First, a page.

That policy will protect you from your co-workers and anyone else who might be upset by your honesty: "SU will not tolerate retaliation toward or harassment of staff of students who report actual or possible violations. The identity of individuals providing information concerning possible violations, including fraud, will be protected within legal limits."
If your computer came from another source, review the licenses and documentation to verify the software's legitimacy. If you're buying a used computer, all installed software should come with license agreements, registration and original installation disks and manuals. Remove any software that you can't verify.
I require my students to use certain software for assignments. Since I'm using it for educational purposes, I can give them copies, right? No. And there's little chance that the "fair use" argument could be applied to software the way it can to printed materials -- it's generally impossible to install and use only a small piece of a software product.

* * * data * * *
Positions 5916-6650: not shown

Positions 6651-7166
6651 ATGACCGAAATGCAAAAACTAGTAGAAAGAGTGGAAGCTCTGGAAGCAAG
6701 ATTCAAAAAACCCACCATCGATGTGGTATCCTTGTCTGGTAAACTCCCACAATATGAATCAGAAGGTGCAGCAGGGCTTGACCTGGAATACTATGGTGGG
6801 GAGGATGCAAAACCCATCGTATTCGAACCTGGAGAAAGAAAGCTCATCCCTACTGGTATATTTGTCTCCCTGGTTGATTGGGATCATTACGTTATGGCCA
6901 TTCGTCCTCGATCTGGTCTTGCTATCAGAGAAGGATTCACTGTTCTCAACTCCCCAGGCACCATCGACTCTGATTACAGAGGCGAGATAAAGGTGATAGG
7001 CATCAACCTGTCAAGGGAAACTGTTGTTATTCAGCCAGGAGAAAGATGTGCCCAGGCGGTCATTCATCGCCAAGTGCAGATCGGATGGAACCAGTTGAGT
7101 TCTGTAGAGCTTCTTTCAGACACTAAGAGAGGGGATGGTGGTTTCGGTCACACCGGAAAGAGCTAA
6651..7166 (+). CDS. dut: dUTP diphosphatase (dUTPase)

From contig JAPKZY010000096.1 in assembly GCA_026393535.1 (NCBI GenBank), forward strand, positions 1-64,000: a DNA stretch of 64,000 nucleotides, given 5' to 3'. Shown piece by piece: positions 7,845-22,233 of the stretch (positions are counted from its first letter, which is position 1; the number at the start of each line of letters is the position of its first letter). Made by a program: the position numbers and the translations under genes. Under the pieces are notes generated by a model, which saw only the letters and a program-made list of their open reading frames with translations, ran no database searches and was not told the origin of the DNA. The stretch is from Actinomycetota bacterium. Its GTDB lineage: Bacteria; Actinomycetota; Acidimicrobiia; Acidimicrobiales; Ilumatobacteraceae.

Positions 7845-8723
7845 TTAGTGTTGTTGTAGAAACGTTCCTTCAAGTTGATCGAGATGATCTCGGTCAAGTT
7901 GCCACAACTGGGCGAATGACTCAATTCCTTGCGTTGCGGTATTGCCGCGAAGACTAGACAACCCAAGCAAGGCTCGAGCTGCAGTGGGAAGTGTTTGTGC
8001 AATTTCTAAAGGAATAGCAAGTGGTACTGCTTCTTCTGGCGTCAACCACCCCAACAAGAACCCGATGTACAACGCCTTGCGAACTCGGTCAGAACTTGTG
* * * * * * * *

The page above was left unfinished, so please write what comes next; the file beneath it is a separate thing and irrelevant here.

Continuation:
Better ways to keep costs down for your students: Look into getting a volume discount or site license from the software publisher (check the Software Licensing Services web site first). Find out whether the software is or could be installed in a CIT Public Lab or college computer lab.